May 9, 2011

Joseph Lister "Father of Modern Antisepsis"

written by: Rosa Morgan

Lister crowded into the operating theater with the other medical students. It was seven in the morning at Royal College of Surgeons and the scheduled amputation was routine. After the patient was mercifully anesthetized with chloroform, the surgeon began hacking the leg off.
"This young man was in the prime of life when he fell from his horse."

Lister knew all too well the probable sequence of events that followed; compound fracture, sepsis, gangrene, amputation, and most likely death.

A fellow student jabbed Lister teasingly, "You look faint. Is the blood puddling beneath the surgeon's feet getting to you?"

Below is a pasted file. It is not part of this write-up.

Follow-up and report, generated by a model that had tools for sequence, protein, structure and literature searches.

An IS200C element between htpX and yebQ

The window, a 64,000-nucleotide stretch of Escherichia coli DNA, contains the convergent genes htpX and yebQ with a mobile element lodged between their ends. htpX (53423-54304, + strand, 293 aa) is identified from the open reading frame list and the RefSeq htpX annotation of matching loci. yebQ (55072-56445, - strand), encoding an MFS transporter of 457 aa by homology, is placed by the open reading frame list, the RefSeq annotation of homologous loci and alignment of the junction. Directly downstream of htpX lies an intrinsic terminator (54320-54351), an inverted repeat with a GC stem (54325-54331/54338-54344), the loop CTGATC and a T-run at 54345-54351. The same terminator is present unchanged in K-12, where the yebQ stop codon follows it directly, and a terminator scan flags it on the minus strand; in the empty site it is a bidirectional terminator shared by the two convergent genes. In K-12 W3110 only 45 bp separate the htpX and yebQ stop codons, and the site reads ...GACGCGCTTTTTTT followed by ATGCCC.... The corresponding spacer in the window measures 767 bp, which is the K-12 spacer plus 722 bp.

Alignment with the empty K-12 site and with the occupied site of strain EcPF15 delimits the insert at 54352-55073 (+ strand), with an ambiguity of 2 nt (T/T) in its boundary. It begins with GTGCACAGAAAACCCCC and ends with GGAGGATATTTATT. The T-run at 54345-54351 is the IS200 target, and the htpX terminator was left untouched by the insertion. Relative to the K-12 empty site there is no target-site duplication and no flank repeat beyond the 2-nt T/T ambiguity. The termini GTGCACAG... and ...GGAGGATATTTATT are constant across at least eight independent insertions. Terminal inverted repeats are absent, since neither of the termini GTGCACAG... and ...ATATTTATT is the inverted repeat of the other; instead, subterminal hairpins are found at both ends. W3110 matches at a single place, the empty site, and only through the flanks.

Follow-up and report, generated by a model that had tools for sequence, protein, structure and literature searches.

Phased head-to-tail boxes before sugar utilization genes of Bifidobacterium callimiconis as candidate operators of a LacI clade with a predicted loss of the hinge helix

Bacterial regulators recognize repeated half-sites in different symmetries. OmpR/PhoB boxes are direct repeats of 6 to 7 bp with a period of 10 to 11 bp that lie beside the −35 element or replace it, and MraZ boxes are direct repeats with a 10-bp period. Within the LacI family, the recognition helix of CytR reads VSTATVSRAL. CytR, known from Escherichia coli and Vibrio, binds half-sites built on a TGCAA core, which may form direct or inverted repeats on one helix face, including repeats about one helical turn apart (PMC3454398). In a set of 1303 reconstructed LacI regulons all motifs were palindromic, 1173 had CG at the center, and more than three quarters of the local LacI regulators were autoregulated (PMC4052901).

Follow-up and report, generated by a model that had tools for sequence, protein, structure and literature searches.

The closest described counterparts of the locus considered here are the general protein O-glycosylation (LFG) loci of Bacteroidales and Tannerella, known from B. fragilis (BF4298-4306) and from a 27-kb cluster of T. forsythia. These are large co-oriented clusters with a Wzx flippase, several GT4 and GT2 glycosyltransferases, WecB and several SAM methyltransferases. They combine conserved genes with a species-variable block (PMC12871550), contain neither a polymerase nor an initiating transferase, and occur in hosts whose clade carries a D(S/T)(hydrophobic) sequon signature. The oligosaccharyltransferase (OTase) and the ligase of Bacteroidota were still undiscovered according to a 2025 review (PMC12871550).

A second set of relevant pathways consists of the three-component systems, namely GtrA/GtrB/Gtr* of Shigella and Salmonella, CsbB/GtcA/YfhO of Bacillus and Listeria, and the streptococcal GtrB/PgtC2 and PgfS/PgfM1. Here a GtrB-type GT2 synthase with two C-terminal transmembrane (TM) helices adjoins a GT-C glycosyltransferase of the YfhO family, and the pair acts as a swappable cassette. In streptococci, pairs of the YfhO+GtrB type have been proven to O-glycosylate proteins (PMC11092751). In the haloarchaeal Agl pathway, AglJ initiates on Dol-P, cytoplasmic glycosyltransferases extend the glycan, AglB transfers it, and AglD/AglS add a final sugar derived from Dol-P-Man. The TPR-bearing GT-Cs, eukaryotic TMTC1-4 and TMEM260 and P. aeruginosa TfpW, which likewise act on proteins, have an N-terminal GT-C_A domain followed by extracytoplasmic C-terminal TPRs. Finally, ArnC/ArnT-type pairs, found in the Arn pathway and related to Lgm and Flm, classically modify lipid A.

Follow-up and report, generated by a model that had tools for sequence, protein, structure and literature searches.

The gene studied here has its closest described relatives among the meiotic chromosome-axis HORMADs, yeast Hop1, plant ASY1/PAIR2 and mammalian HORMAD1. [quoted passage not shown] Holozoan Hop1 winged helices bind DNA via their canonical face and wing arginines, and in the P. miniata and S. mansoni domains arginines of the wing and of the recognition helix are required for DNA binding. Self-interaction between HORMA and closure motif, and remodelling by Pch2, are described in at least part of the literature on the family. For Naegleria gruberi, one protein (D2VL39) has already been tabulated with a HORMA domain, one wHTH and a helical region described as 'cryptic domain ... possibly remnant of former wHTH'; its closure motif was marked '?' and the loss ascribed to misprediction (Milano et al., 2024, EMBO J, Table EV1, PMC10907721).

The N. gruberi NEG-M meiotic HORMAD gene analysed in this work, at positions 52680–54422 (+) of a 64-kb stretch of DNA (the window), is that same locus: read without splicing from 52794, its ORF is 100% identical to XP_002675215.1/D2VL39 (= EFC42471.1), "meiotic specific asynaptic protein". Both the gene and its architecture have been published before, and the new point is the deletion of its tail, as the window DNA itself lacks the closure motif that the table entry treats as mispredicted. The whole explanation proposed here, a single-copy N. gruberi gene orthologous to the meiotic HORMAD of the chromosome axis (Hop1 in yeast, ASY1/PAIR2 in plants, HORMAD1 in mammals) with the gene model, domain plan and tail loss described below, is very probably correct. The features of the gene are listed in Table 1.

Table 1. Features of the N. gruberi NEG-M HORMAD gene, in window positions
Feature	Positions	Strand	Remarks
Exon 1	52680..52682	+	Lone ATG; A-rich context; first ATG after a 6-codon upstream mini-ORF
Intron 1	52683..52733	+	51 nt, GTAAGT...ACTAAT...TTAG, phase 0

Lister shot back. "It's just if certain protocol was followed, he might be saved."

"What protocol?"

"Have you heard of Pasteur's germ theory?

"Micro-organisms?" the other man shot back. "All quackery! Everyone knows bad air causes infection."

Lister pointed out, "The surgeon has come straight from home, still wearing his frock coat. He's not washed his hands or the instruments. And I warrant his suture needle has been stuck in his lapel and is covered in blood from previous surgeries."

Joseph Lister went on to develop the use of carbolic acid as an antiseptic. He was the second man to operate on a brain tumor, he repaired kneecaps with wire and improved mastectomy techniques.

Lister inspired Robert Wood Johnson, of Johnson & Johnson, to create the first sterile surgical dressings. Dr. Joseph Lawrence developed Listerine, naming it after Joseph Lister.

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